Bobi Wine, still under house arrest, says no food left for relative’s baby
- Troops prevented Bobi Wine from leaving his house shortly after he returned from voting in Thursday’s presidential election.
- Museveni, 76, who has been in power since 1986, was declared winner of the poll with 59% of the vote against 35% for Wine.
- The U.S. embassy said late on Monday that Ambassador Natalie E. Brown had been stopped from visiting Wine.
Besieged opposition leader Bobi Wine has revealed that he has been under house arrest with an 18 month-old-baby whose food has run out.
Taking to Twitter, the Ugandan lawmaker said the child and the father had visited them before they were placed under house arrest.
“Day Six under house arrest and we’re still stuck with an 18 months old baby who had paid a visit to her auntie (my wife ) be4 we were raided & besieged. The Dad has been denied access to her. We have run out of food and milk. No one is allowed to leave or come into our compound,” he said.
Meanwhile, Uganda has accused the U.S. ambassador of seeking to subvert last week’s presidential election by trying to visit Wine at his home, which has been surrounded by security forces since the vote.
Troops prevented pop star-turned-legislator from leaving his house shortly after he returned from voting in Thursday’s presidential election.
Museveni, 76, who has been in power since 1986, was declared winner of the poll with 59% of the vote against 35% for Wine.
The U.S. embassy said late on Monday that Ambassador Natalie E. Brown had been stopped from visiting Wine at his residence in a suburb in the northern outskirts of the capital.
The mission said Brown wanted to check on his health and safety given that he was effectively unable to leave his home.
Government spokesman Ofwono Opondo said Brown had no business visiting Wine, who the army says is being held to prevent potential unrest breaking out in the wake of the result.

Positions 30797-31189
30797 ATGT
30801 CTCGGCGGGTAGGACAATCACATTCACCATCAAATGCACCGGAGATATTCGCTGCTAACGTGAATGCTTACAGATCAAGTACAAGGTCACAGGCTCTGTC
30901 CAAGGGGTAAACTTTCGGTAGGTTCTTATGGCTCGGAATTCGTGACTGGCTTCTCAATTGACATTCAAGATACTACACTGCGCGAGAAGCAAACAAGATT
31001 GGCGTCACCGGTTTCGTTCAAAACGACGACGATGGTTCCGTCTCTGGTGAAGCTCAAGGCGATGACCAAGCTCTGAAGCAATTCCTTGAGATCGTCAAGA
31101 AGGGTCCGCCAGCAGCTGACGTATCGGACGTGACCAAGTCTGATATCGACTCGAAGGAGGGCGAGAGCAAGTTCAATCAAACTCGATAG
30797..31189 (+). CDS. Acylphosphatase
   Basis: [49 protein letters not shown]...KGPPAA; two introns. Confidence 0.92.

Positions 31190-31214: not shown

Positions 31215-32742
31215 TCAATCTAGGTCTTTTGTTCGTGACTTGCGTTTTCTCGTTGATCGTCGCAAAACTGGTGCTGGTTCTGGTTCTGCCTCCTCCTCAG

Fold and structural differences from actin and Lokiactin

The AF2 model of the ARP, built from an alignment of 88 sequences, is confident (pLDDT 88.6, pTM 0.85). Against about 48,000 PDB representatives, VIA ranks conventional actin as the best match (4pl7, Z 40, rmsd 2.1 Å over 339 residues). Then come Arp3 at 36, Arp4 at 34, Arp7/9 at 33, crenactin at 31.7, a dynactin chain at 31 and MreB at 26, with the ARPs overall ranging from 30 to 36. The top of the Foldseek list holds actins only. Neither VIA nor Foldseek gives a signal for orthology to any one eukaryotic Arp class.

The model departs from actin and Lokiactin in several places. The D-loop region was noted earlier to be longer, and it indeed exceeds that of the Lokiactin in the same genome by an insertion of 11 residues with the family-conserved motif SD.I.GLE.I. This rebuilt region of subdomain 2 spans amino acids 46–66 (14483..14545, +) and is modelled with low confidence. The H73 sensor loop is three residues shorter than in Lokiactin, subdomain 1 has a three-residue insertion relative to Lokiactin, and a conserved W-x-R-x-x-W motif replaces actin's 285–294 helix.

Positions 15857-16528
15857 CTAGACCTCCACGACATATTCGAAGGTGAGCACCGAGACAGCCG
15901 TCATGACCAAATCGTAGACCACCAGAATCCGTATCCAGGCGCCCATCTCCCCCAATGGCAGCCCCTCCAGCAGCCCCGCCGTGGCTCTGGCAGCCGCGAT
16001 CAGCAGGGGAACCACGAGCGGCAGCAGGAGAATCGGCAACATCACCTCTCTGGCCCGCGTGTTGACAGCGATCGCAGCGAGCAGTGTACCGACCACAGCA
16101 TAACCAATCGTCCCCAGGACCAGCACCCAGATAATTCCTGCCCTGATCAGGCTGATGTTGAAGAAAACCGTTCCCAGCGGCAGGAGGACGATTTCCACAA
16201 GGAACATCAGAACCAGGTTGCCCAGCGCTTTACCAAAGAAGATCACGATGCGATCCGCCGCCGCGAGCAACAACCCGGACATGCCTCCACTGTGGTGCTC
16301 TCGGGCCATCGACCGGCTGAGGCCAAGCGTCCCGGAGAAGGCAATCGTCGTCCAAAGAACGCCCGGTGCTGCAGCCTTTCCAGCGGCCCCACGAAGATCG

“What she has been trying to do blatantly is to meddle in Uganda’s internal politics, particularly elections, to subvert our elections and the will of the people,” he said. “She shouldn’t do anything outside the diplomatic norms.”
There was no immediate comment from Brown or the embassy.
The public rebuke to the United States from the Ugandan government is relatively unusual as the two nations are allies.
Washington supports Ugandan soldiers serving in an African Union peacekeeping mission in Somalia and has donated about $1.5 billion to Uganda’s health sector in the past three years.
GOVERNMENT “WATCHING” AMBASSADOR
Opondo said, without providing any evidence, that Brown had a track record of causing trouble in countries where she has worked in the past. The government was watching her, he said.
The U.S. embassy has said last week’s vote was tainted by harassment of opposition candidates, suppression of media and rights advocates and a nationwide internet shutdown.
“These unlawful actions and the effective house arrest of a presidential candidate continue a worrying trend on the course of Uganda’s democracy,” it said in the statement on Monday.
The United States and the European Union did not deploy observer missions for the polls. Washington said Ugandan authorities had denied accreditation while Brussels said they had not implemented the recommendations of previous missions.
On Tuesday, Wine’s lawyers filed a petition in the high court challenging the legality of detaining Wine and his wife without charge. The court has not yet said when the petition will be heard, lawyer Benjamin Katana told Reuters.
During the campaign, security forces routinely broke up Wine’s rallies with teargas, bullets, beatings and detentions, citing violations of laws meant to curb the spread of the coronavirus.
In November, 54 people were killed as security forces quelled a protest that erupted after Wine was detained for alleged violation of the anti-coronavirus measures.
Wine and his National Unity Platform (NUP) have rejected the results and said they were planning a court challenge.
On Monday, security forces cordoned off the party’s offices in the capital. The party said that was aimed at complicating their efforts to collect evidence of irregularities committed during the election.
Additional report from Reuters
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